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Windows 8 for tablets: Top 10 Features

It’s been a week since Microsoft rolled out its public preview of Windows 8 for tablets, and we’ve been spending lots of time with it. These are our ten favourite features – features that make working with Windows easier, faster, and more informative.

1: Metro Live Tiles

Windows 8’s Metro user interface is a huge change for Microsoft, with large tiles replacing icons and shortcuts. But Metro isn’t just about launching programs, as its Live Tiles let you quickly see information from an application without having to go any further. Need the weather? Live Tile. Need to see important tweets? Live Tile. Tiles can also link inside programs, giving you even more information at a glance – like weather, news, or game moves or scores. Live Tiles can be updated at any time, leaving them fresh and new.

2: Fast Startup


Windows 8 makes booting a snap. The new kernel hibernation features boot from power on to the Start screen in seconds. It’s impressive work, and makes PCs and tablets feel responsive – as well as ready to work on your schedule. Metro’s new Start screen also helps speed things up, getting rid of all those startup applications that used to slow down boot.
 

3: Chromeless web apps

Open the Metro Internet Explorer 10 and you just see the web page, nothing else, in crisp, clear HTML 5. You can swipe down to open up an address bar and list of tabs, but they’re only there as long as you’re using them. The rest of the time it’s the content and the web that matters, with no distractions (and no plug-ins, so no Flash). It’s the web the way it always should have been.
 

Windows 8: The Top 10 New Features

4 Charms


Slide in from the right of the new Start screen to open Windows 8’s Charms. These are how you work with devices, share content between applications, or search. Sharing is very easy, think of it as a clip board on steroids, while Search lets you see inside applications as well as files. With Charms, connections are just a click or a swipe away, turning your programs into a mesh of interactions, all orchestrated by Windows.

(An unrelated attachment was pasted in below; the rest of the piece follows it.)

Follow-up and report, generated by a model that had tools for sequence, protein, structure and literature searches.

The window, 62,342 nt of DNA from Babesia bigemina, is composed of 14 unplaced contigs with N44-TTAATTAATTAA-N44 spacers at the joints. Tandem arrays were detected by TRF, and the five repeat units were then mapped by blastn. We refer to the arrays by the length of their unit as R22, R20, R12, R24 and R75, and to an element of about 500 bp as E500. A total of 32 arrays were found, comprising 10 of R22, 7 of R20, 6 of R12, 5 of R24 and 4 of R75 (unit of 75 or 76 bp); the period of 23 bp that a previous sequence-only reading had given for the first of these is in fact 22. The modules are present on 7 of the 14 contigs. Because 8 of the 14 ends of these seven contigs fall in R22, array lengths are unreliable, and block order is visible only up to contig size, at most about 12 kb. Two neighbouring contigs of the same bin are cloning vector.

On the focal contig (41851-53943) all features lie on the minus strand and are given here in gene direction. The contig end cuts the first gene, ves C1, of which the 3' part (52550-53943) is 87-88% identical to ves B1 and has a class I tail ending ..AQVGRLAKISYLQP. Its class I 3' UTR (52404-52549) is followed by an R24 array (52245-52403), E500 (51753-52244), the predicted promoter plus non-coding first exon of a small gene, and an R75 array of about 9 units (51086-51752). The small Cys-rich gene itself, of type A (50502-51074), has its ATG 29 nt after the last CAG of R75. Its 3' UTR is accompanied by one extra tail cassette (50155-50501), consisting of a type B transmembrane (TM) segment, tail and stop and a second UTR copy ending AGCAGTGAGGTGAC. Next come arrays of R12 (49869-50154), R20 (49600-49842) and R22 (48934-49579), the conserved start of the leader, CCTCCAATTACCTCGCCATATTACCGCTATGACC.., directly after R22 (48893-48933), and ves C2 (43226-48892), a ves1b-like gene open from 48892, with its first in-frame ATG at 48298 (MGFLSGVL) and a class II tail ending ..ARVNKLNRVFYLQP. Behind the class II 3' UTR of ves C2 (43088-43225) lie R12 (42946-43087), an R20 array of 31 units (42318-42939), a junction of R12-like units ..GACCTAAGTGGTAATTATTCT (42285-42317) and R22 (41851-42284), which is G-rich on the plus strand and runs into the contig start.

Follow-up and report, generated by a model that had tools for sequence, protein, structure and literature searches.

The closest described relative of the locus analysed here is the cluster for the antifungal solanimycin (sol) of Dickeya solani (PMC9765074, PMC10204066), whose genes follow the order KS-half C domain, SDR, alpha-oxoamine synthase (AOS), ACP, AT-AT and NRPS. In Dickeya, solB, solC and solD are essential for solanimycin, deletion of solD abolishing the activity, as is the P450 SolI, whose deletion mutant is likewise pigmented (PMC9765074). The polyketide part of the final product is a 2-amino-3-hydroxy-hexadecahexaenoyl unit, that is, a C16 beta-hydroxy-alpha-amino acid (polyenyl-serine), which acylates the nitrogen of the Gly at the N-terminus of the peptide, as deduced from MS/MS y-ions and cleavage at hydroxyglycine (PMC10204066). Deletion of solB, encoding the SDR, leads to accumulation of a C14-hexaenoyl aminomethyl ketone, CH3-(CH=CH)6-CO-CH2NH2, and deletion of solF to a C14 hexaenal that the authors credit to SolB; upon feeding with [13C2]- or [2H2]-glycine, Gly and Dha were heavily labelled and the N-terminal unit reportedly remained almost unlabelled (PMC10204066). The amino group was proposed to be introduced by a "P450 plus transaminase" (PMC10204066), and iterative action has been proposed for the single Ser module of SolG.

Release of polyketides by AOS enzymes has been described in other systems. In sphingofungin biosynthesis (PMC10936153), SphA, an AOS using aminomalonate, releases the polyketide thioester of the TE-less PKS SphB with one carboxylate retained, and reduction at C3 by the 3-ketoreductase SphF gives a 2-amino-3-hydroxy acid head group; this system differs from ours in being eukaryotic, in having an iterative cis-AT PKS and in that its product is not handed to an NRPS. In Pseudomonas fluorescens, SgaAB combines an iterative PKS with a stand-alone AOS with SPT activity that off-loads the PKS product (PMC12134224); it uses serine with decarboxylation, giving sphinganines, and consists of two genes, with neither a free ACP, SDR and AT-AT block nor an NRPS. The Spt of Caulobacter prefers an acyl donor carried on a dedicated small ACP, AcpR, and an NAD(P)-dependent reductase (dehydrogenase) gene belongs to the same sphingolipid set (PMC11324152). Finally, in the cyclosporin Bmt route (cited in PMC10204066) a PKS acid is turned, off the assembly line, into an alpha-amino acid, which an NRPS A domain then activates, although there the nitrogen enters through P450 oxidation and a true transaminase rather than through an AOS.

5: Picture Password

Forget about complicated passwords (as we often do). Instead Windows 8’s Picture Password uses your favourite picture. With three gestures on the picture – lines or taps – you can construct a very secure password that only you know. It’s simple and secure, and very easy to set up and remember. It’s a good idea to use one of your own images, like a member of your family or a landscape with distinctive features.
 

6: Snap/Full View – multitasking

If you’re using new Metro-Style applications you can flip from application to application using the left side of the screen. If you drag out a program you can resize it as a snap view, with less than a quarter of the screen (if you’re using a wide screen PC). Snapped applications can show their usual view, but are best given an appropriate look and feel for a narrow column. The snap view is live, and you can be running applications both in the main, “full” view and in the snap column.
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7: Desktop Apps as thumbnails

If you’re running old-style Windows applications on the Windows 8 desktop, you can use the snap view to provide a minimised live view of your applications. You can be using a Metro application while watching a video conversion tool reprocess a video, or keep an eye on incoming email without leaving a game.
 

8: Split touch keyboard

With Windows 8 hardware standards focused on widescreen HD tablets, the on-screen keyboard needs to be one that works well no matter how you hold the device. The big touch keyboard is good for lap work, but when you’re standing the split thumb-board is fast and efficient, with a set of keys on each side of the screen.
 

9: Refresh reset

It used to be that if something went wrong with a PC you’d have to spend hours reinstalling and reloading applications and files. Windows 8’s new refresh option makes things a lot easier. If you choose to refresh your Windows 8 system, it’ll store settings and applications safely, and then reload the OS, resetting everything to the original defaults. Once that’s done it’ll reload your settings, applications and files – leaving your PC as good as new, but only talking four or five minutes.
 

 10: Live synchronization

Microsoft is giving Windows 8 a cloud back end through its Live services (and particularly SkyDrive). Two or more PCs or tablets will be able to share settings, kept in sync via Live. If you’ve bought a new

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